BEIJING, Jan. 25 --Although the United States' tapering of quantitative easing this year will pose a "significant challenge", China is capable of withstanding the change, according to a Chinese financial official.
Guan Tao, the State Administration of Foreign Exchange official in charge of balance of payments, said the ending of quantitative easing would even be seen as a good thing.
With the effects of the tapering, or gradual reduction, still to be fully felt in China, its foreign exchange authorities anticipate that the consequences for capital outflows are unlikely to shake the fundamentals of the Chinese market, Guan said.
The Chinese view stems from the experience last year, when the US Federal Reserve Board's announcement of its quantitative easing exit strategy triggered capital outflows from many emerging-market countries. It also saw exchange rates with the US dollar tumble, Guan said.
He said that in contrast, the yuan's exchange rate to the dollar rose by 3.1 percent last year, as the country's foreign currency reserves continued to swell from 3.31 trillion U.S. dollars at the end of 2012 to 3.82 trillion U.S. dollars a year later.
Quantitative easing is a monetary policy used by central banks to stimulate the economy when standard monetary policy has become ineffective. A central bank implements it by buying specified amounts of financial assets from commercial banks and other private institutions, thus increasing the monetary base and lowering the yield on the financial assets.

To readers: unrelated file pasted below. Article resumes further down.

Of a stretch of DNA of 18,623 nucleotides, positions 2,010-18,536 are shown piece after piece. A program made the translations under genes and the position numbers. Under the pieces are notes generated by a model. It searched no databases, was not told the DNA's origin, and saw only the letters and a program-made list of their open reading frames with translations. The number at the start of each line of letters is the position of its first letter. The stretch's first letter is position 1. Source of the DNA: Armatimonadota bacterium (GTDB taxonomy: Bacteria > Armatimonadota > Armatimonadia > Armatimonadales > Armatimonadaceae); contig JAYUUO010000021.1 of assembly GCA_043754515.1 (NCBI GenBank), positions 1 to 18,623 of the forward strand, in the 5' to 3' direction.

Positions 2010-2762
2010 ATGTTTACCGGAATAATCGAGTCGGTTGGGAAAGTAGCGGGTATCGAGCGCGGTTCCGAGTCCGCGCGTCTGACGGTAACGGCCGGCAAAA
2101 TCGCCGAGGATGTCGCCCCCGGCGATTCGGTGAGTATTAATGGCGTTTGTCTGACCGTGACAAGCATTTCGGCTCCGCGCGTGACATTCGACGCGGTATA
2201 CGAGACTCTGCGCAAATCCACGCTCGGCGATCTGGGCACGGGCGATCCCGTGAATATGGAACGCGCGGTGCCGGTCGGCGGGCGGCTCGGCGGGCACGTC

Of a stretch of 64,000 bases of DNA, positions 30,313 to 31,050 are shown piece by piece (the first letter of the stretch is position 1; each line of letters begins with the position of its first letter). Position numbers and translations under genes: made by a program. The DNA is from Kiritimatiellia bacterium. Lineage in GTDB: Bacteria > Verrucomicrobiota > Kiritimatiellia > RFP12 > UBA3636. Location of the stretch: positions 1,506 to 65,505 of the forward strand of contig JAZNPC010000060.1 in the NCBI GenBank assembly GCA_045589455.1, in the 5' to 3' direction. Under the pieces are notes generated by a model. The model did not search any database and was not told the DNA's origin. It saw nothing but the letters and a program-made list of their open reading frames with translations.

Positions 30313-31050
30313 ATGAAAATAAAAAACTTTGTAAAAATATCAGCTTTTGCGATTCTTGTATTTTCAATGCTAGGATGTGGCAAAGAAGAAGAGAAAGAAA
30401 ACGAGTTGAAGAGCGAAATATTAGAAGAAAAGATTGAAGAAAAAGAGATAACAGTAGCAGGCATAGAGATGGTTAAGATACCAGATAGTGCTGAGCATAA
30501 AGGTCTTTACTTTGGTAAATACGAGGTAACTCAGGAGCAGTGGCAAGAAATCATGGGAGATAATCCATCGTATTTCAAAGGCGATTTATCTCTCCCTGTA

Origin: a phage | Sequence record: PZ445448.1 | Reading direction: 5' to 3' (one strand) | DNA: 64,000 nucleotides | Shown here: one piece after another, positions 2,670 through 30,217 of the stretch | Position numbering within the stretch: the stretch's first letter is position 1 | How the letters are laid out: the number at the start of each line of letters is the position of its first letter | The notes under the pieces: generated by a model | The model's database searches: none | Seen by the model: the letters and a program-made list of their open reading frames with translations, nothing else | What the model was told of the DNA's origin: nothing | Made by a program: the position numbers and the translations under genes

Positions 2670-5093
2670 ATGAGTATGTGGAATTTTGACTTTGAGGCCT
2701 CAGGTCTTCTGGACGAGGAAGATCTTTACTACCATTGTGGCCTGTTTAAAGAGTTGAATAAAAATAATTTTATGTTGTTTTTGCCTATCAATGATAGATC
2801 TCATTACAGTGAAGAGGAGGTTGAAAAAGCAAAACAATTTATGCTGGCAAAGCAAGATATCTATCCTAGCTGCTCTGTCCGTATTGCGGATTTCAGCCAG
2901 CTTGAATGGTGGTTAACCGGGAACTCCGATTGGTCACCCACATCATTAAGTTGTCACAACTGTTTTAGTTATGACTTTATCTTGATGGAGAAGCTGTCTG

Guan said China's confidence for this year stems from the resolve shown by the national leadership to forge ahead with reform and opening-up, which will guarantee that the economy grows steadily.
He also said the US exit from quantitative easing is not a bad thing, as it indicates that the US economy is recovering. It means US import demand will rise in the long run and this will alleviate pressure for the yuan to appreciate further.
Guan said the foreign exchange administration also anticipates that China will have a trade and investment surplus in 2014. If its economy can grow faster than others, it will still attract more international investors to increase their renminbi assets, he said.
"Considering the relatively high yuan interest rate, if it can remain stable in the foreign exchange rates, or maybe rise slightly, it will still generate an inbound flow of capital," adding to China's already large foreign exchange reserves.
The foreign exchange administration said China had a surplus of 1.68 trillion yuan (270.2 billion U.S. dollars) in foreign exchange settlements in 2013, up 210 percent from the previous year.
Shen Minggao, Citibank's chief economist in Greater China, said the risk of capital inflows is greater than capital outflows in the short term.
But he also stressed that the trend of cross-border capital flows will be affected by several factors in the second half of this year, including the performance of Chinese exports and the speed with which the US Federal Reserve exits from the quantitative easing policy.
Under current pressure from capital inflows, Shen suggested the foreign exchange administration relax its control of capital outflow modestly — for example, by increasing the annual maximum amount of foreign exchange purchases for Chinese residents from 50,000 U.S. dollars to 100,000 U.S. dollars or more.
The government should also allow the exchange rate for the renminbi to fluctuate, which would restrain the short-term inflow of hot money, he said.
Guan echoed Shen's view on fluctuation.
"In the future, it will be commonplace for the renminbi exchange rate to go up or down. All companies and banks should make adjustments based on that development trend and be prepared for potential losses caused by yuan depreciation," Guan said.
Wen Bin, supervisor of macroeconomic research at the Bank of China's Institute of International Finance, said the renminbi exchange rate is likely to decline and such an expectation may lead to rapid cross-border capital flows.
To prevent hot money flowing rapidly into and out of China, the government should increase the costs for cross-border capital flows and prepare more flexible measures for foreign exchange management, Wen said.